In 2012, GIS melting shattered the seasonal record; the duration of GIS melting was thelongest yet observed; a rare, nearly ice sheet-wide melt event (covering as much as 97% of the ice sheet’s surface on a single day) occurred in July; and the reflectivity of GIS,particularly at the high elevations that were involved in the mid-July melt event, declined torecord lows. Unfortunately, data from the GRACE satellite observation of GIS is not yet of sufficient duration to robustly describe the melt trend, but observations are that the rate of melting is increasing, and many glaciers are picking up speed. Since 2001, the JakoshavnGlacier, the world’s fastest flowing glacier, has more than doubled its flow rate, and total GISmass loss in 2011 was 70% larger than the 2003–2009 average annual loss rate.Previously, studies have estimated that it would take centuries to millennia for new climatesto increase the temperature deep within ice sheets such as GIS. But a new study finds thatwhen the influence of meltwater (which drains through cracks in an ice sheet and can warmthe sheet from the inside, softening the ice and letting it flow faster) is considered, warmingcan occur within decades and produce rapid accelerations. Lead author Thomas Phillipssays this research “could imply that ice sheets can discharge ice into the ocean far morerapidly than currently estimated,” thus requiring a re-assessment of the rate of both futuresea-level rises and the rate of mass loss of GIS (Phillips, Rajaram et al., 2013; University of Colorado Boulder, 2013).Has Greenland passed its tipping point? What would be the impact of a sea-ice-free Arcticsummer and the consequent amplified regional warming on the stability of the Greenlandice sheet? Research does not yet provide a robust framework for considering suchquestions, yet most scientists if asked for their expert elicitation would probably say that it ishard to imagine the GIS doing anything other than actively de-glaciating at an acceleratingrate and passing a critical tipping point in such circumstances.NASA climate research chief Dr James Hansen answered this question in the affirmative, ina peer-reviewed paper in 2007:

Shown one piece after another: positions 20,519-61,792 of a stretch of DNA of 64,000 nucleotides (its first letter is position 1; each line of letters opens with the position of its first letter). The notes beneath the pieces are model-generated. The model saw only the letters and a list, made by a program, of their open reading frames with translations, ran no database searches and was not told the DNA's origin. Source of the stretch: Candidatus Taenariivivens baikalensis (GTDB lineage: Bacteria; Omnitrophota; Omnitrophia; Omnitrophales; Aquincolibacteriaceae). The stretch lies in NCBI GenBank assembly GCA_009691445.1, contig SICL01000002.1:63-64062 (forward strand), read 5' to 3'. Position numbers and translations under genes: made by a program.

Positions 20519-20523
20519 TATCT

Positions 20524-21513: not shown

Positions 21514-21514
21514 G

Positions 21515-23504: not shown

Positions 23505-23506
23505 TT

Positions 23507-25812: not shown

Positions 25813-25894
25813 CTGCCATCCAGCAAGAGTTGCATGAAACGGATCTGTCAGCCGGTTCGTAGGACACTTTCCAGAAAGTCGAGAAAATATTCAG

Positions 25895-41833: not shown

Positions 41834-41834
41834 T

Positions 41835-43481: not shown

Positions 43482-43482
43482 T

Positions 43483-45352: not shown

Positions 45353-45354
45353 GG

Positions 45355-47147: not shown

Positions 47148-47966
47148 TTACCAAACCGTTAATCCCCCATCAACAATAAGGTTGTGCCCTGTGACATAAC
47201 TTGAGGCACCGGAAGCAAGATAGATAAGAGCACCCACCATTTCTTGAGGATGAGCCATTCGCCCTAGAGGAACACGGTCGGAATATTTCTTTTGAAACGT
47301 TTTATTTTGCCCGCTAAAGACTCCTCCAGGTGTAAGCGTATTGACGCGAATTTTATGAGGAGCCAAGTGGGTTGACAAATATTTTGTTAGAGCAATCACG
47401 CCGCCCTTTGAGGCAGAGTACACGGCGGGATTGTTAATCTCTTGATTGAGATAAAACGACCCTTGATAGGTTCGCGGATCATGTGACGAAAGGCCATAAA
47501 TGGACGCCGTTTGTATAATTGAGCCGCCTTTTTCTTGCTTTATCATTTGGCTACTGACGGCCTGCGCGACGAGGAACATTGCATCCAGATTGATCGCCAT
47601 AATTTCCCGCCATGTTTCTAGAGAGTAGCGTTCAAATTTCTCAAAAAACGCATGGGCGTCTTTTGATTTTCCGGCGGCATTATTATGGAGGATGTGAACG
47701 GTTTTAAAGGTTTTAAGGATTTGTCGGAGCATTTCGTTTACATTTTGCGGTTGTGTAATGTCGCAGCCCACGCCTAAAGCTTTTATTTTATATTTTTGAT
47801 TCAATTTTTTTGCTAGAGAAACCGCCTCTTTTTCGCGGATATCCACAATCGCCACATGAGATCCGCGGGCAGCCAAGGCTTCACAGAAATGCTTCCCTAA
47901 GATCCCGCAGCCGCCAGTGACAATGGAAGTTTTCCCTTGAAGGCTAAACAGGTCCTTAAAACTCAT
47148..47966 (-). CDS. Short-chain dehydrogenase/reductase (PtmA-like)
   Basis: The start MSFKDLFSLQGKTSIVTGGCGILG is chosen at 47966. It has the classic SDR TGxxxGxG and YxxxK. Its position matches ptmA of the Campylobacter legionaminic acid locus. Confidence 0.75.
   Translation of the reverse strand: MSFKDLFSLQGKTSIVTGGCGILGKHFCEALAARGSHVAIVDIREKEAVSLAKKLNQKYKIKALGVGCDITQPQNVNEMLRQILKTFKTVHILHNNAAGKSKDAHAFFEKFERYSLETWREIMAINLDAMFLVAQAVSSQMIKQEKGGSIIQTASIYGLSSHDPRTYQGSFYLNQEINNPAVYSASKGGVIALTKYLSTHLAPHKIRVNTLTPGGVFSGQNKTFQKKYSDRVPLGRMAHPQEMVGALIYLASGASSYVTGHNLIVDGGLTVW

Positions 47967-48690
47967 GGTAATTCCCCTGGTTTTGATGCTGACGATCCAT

Could the Greenland ice sheet survive if the Arctic were ice-free in summer and fall? It has beenargued that not only is ice sheet survival unlikely, but its disintegration would be a wet processthat can proceed rapidly. Thus an ice-free Arctic Ocean, because it may hasten melting of Greenland, may have implications for global sea level, as well as the regional environment,making Arctic climate change centrally relevant to definition of dangerous humaninterference.” (Hansen and Sato, 2007)